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"There were great players around here but I was good enough to hold my own," Bond says. "I was the guy hitting the distortion pedal and rocking a bit, and people kind of liked that."
Missoula has earned many nicknames over the years, but back in the mid-1970s and early 1980s it was known by country-loving truckers as "Little Nashville." Bars typically had house bands—musicians who played in-residence—and those house bands often got a chance to back out-of-town headliners. At the Amvets bar on River Road, Bond and musicians like singer Jan Dell and drummer Carol Minjares backed up stars from Bakersfield, Calif., including David Frizzell, Buck Owens, Buddy Alan, Wanda Jackson and Tony Booth.
Another venue, The Cabin in East Missoula, hosted local music seven nights a week, with 350 people showing up regularly. It was a scene. The house bands were carried by a pool of musicians who, like Bond, lived in Missoula but often traveled to share the stage with bigger acts on nationwide tours. Fiddle player Ellie Nuno was part of the rotating cast of musicians who took up the challenge to keep the local crowds happy.
"There was a heavy social scene back then of folks who went out regularly to dance," Nuno says. "Couples and singles who were at the club four to five nights a week were there to dance and they rarely left the floor if the band was tight. And we were! That means we left little or no downtime between songs so the dancers didn't have time to leave the floor."
For the musicians, the long stretch of hours night after night meant they had endless hours of practice together.
"Radio country and dance hall music is a team sport," Nuno says. "We were after that pure and classic country sound on our respective instruments and vocal styles. Every good 'lifer' player has carefully and endlessly experimented and crafted his or her sound, and Louie Bond is a master guitar man in the radio-country style of playing, yet his style and delivery is truly his own this many years down the road."
Usually being the house band meant playing the role of bridesmaid to the bride, but it didn't always work out that way. Not long after he moved to Missoula, Bond left, along with drummer Minjares, to play lead guitar in a house band for a stint in Dallas at the Longhorn Ballroom, formerly known as Bob Wills' Ranch House. One night, in 1979, Buck Owens confronted Bond backstage. Bond had just finished an opening set with his band. Owens, a country music star, co-host of "Hee Haw" and headliner for the night, was about to go on—except, instead, he was standing in the green room yelling at Bond.
According to Bond, Owens was mad because the house band played a little too well, ending its dynamic set with a cover of "The Devil Went Down to Georgia." "Buck started railing on me," Bond says. "He said, 'I can't believe you did this to me. I gotta go out and follow that? You should know better.'" Bond smiles. He's a little bit proud, a little bit embarrassed. "I don't want to say anything bad about him," he says. "He was a really a good guy and he has a great band. And I can understand in a way—it might have been a professional faux pas on our part. But we didn't understand it. We thought, 'Holy cow. No one is going to outshine Buck Owens no matter how good your band is—people came to see Buck Owens."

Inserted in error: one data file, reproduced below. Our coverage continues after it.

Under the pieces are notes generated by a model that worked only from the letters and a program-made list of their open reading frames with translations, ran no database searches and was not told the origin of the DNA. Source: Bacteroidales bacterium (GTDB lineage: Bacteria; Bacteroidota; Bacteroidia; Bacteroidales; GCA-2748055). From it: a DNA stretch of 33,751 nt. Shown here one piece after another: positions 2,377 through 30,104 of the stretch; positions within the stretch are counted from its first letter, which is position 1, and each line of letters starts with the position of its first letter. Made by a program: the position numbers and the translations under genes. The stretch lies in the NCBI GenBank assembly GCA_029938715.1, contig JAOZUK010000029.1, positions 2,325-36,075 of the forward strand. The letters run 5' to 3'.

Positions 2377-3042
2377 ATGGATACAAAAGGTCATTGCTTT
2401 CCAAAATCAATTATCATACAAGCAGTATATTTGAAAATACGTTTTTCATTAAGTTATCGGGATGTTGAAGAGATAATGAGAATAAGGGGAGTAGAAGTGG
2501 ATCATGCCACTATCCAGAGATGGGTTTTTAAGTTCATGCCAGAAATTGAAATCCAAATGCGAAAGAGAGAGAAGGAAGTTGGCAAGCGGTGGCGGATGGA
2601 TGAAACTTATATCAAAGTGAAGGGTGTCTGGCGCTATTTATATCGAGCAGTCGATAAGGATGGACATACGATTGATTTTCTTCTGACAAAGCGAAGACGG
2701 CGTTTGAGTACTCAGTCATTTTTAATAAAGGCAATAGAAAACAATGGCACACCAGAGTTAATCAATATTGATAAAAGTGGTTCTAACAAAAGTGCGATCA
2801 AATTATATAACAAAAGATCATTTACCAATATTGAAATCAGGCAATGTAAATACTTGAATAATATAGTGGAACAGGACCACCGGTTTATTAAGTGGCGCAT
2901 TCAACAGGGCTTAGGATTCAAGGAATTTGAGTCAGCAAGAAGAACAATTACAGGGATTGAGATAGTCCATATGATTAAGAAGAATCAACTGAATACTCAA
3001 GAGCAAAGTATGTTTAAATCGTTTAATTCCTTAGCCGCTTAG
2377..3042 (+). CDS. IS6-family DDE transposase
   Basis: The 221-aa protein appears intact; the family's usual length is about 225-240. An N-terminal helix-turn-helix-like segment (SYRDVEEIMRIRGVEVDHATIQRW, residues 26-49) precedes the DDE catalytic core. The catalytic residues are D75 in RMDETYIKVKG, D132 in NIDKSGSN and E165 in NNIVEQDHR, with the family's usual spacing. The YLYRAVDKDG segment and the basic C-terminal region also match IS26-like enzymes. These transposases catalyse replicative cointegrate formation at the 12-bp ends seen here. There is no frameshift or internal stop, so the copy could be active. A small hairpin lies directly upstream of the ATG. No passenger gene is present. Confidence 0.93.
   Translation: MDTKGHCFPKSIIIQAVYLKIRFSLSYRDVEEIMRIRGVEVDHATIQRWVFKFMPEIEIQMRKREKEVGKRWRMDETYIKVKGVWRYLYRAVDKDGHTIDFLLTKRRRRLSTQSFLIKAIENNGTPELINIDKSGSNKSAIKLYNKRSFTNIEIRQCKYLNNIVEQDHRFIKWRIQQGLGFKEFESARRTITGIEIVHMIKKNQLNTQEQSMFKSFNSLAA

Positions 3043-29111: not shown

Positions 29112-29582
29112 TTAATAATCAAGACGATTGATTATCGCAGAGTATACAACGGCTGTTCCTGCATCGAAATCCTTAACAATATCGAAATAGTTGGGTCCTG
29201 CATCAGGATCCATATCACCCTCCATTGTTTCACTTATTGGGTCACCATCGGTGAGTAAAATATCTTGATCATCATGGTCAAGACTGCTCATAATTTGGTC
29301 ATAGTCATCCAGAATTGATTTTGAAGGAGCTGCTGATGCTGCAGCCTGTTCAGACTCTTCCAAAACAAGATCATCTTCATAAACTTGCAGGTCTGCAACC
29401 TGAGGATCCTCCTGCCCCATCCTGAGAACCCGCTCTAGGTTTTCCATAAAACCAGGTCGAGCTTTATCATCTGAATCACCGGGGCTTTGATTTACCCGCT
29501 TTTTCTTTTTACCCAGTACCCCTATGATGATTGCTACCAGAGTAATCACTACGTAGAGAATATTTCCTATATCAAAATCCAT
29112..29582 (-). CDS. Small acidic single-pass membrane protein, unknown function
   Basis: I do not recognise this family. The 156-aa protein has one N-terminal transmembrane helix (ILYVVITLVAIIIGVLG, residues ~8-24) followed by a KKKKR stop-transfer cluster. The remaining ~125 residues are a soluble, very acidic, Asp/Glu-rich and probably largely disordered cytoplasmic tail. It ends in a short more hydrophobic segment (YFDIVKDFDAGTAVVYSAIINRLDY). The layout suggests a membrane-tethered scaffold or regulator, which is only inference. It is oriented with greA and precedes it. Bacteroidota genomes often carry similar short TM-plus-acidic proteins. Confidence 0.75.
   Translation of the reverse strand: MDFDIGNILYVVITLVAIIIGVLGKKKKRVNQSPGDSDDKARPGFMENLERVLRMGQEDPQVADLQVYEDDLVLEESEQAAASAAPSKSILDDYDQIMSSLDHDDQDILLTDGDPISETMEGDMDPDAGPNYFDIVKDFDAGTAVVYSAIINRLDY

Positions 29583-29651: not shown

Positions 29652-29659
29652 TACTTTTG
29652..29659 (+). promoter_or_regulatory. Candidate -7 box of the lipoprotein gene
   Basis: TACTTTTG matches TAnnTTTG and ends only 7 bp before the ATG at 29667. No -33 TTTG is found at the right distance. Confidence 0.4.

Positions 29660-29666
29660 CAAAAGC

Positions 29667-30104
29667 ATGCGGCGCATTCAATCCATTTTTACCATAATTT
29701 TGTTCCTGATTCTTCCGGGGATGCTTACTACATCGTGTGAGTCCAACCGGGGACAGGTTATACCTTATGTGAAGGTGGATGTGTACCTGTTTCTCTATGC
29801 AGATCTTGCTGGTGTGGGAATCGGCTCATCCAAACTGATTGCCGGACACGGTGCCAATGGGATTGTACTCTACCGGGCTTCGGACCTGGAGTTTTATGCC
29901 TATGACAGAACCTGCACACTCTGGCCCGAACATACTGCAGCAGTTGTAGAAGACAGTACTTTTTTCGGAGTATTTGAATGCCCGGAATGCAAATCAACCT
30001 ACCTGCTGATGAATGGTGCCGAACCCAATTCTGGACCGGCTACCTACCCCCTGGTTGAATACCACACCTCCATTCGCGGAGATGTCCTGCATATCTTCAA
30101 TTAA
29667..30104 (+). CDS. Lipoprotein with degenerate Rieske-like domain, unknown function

The Longhorn Ballroom house band opened for the country star again the following night. Bond says he felt bad about Owens getting upset the night before, and he considered different ways to handle the situation. In the end, the band decided to just do what it always did—play to the crowd the best it could. "We didn't really end up changing anything," Bond says with a big laugh. "It kind of pushed us a little harder because the attitude was, well, Buck needs to buck up."
In the late 1980s, after returning from a stint in Nashville, Bond returned to Missoula and joined the Country Boogie Boys fronted by Dave Knight. Bond recalls the music scene was already changing. In 1985, The Cabin burned down, wiping out one of the town's most lively venues for country music. That same year, the state legislature passed the Video Poker Machine Act, which allowed five poker machines per liquor license and unlimited keno machines. Bond says many musicians thought the new revenue would make it easier for bars to hire bands and pay them well, but the measure backfired.
"There were no house gigs and there was a reason for that. People came in and threw money in gambling machines and the take from one machine would have paid for a band," Bond says. "But they didn't need to, right? It was all theirs. It's hard to give that up as a bar owner."
There was also a new generation of musicians coming into the mix, with new ideas on what would capture an audience's attention.
"I remember Dave [Knight] saying, 'Wow! We're the old guard now,'" says Bond. "And that was 20 years ago."
The first time Bond met Hoyt Axton was around the time of the Great Northwest Log Haul in Darby in 1988. The Country Boogie Boys found out that the Nashville country star was filming a movie in the Bitterroot called Disorganized Crime and they decided to track him down at the KOA where his tour bus was parked.